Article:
When the term “outside the box” comes to mind, most think of creativity and trying to come up with a good idea. This phrase is used when asking someone to think outside of their comfort zone. Who would have known that there is some “psychological truth” (Kim, Polman, Sanchez-Burks, 2012) to this metaphor?
Scientists were curious about whether or not there is a connection between mind and body in a process called embodied cognition. They believed that “bodily experiences could help in generating new ideas and solutions to problems” (Kim et al., 2012). Recently, to test the hypothesis, a study was conducted at New York University with 102 undergraduate students. This study was to test whether “bodily experiences could help in generating new ideas and solutions to problems” (Kim et al., 2012). Each student was asked to come up with a word that related to the three clues given. Half of the students were asked to do this sitting on the inside of a 125-cubic-foot box, while the rest were allowed to sit outside the box. The study found that the students sitting outside of the box “were significantly more creative” (Kim et al., 2012).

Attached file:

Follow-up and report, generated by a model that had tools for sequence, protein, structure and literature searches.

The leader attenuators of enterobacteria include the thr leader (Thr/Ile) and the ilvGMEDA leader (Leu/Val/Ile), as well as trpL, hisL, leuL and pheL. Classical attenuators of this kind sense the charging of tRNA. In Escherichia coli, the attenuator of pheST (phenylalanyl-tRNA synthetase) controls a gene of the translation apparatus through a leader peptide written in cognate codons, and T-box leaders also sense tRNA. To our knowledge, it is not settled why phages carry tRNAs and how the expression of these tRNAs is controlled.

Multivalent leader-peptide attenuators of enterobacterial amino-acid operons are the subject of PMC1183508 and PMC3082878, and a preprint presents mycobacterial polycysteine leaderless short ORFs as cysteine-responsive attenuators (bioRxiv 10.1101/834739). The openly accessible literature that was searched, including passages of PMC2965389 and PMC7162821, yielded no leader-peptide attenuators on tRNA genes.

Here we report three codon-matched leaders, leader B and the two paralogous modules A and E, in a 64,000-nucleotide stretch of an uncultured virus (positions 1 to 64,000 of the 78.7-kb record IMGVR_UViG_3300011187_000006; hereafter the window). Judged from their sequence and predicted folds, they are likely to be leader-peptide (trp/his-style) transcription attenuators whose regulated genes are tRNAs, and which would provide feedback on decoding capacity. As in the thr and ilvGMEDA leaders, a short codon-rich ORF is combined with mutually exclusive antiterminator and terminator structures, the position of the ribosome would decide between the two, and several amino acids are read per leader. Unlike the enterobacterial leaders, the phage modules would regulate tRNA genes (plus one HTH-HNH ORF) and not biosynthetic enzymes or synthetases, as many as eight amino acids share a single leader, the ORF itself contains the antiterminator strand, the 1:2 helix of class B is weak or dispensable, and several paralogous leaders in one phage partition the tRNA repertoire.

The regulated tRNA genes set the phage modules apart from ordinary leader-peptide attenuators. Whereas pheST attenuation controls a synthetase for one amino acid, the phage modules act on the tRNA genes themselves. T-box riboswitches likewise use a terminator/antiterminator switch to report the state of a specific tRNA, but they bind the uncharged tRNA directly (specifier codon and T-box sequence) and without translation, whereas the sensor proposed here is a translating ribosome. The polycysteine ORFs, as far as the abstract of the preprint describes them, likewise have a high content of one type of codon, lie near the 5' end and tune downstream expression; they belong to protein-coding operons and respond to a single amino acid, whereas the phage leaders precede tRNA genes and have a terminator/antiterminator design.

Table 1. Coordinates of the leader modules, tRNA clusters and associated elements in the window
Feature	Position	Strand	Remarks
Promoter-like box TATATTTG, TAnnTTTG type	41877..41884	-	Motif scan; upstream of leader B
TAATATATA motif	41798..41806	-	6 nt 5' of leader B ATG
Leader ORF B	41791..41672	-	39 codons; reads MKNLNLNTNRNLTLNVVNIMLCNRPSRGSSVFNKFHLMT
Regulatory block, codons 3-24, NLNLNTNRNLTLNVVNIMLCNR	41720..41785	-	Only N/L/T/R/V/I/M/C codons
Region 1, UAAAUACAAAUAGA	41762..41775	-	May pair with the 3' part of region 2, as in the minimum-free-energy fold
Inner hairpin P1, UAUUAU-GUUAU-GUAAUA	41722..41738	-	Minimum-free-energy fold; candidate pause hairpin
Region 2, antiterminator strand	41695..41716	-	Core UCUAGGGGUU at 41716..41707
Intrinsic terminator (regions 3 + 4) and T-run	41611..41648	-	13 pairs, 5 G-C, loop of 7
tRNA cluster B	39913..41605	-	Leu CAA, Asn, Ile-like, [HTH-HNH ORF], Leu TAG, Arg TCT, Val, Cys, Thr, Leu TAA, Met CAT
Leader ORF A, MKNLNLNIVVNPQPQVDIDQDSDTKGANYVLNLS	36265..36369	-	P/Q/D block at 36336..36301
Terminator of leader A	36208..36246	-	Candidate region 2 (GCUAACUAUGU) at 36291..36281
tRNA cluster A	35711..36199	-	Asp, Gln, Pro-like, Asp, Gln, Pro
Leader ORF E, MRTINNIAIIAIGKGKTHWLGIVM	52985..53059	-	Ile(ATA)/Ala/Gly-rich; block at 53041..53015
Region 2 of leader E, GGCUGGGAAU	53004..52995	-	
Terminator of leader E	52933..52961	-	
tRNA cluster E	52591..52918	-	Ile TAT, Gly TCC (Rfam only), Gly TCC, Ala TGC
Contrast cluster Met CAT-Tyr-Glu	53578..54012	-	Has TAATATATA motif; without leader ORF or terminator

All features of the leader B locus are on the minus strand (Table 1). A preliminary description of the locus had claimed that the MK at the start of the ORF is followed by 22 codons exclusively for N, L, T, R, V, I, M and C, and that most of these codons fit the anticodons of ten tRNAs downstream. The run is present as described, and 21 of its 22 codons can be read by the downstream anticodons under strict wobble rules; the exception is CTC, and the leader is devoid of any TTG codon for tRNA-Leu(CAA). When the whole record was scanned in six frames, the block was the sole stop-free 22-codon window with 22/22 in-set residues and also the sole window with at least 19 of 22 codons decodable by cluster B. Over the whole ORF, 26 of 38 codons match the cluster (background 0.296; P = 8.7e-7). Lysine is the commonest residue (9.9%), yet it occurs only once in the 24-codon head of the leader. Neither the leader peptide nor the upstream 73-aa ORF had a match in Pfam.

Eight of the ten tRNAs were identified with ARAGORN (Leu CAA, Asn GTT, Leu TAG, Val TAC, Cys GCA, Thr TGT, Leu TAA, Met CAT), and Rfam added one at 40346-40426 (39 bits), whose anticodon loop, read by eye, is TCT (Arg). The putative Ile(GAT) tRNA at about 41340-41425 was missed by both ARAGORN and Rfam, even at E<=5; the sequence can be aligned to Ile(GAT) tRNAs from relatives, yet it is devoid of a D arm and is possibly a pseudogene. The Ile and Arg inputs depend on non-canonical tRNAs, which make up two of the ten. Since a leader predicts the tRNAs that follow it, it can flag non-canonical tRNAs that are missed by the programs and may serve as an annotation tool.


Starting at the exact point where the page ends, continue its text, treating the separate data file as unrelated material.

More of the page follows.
In this experiment, the control was the group of students asked to think of words while inside the box. These students were used to compare to the experimental group, those thinking outside of the box. The independent variable was where the students were asked to sit, either sitting inside the box or outside of the box. The amount of correct answers the students gave was dependent of where the students were sitting (Kim et al., 2012)
I definitely agree with the findings of the experiment. Not being confined to a certain space could easily help someone come up with more creative ideas. But, there could also be an alternate explanation for the discovery could be found. It could only be that the subjects came up with more correct answers because they were outside in general. Fresh air in the lungs, sun beating down on the skin, wind blowing in the face, all of these could be an explanation to why the subjects were able to think more clearly. Overall, it seems that the findings in the experiment are very reasonable; maybe teachers should have class outside every once in a while to help their students get creative and think of new ideas!
Kim, S., Polman, E., Sanchez-Burks, J., (2012, February 25). When truisms are true, The New York
Times, pp. 1-2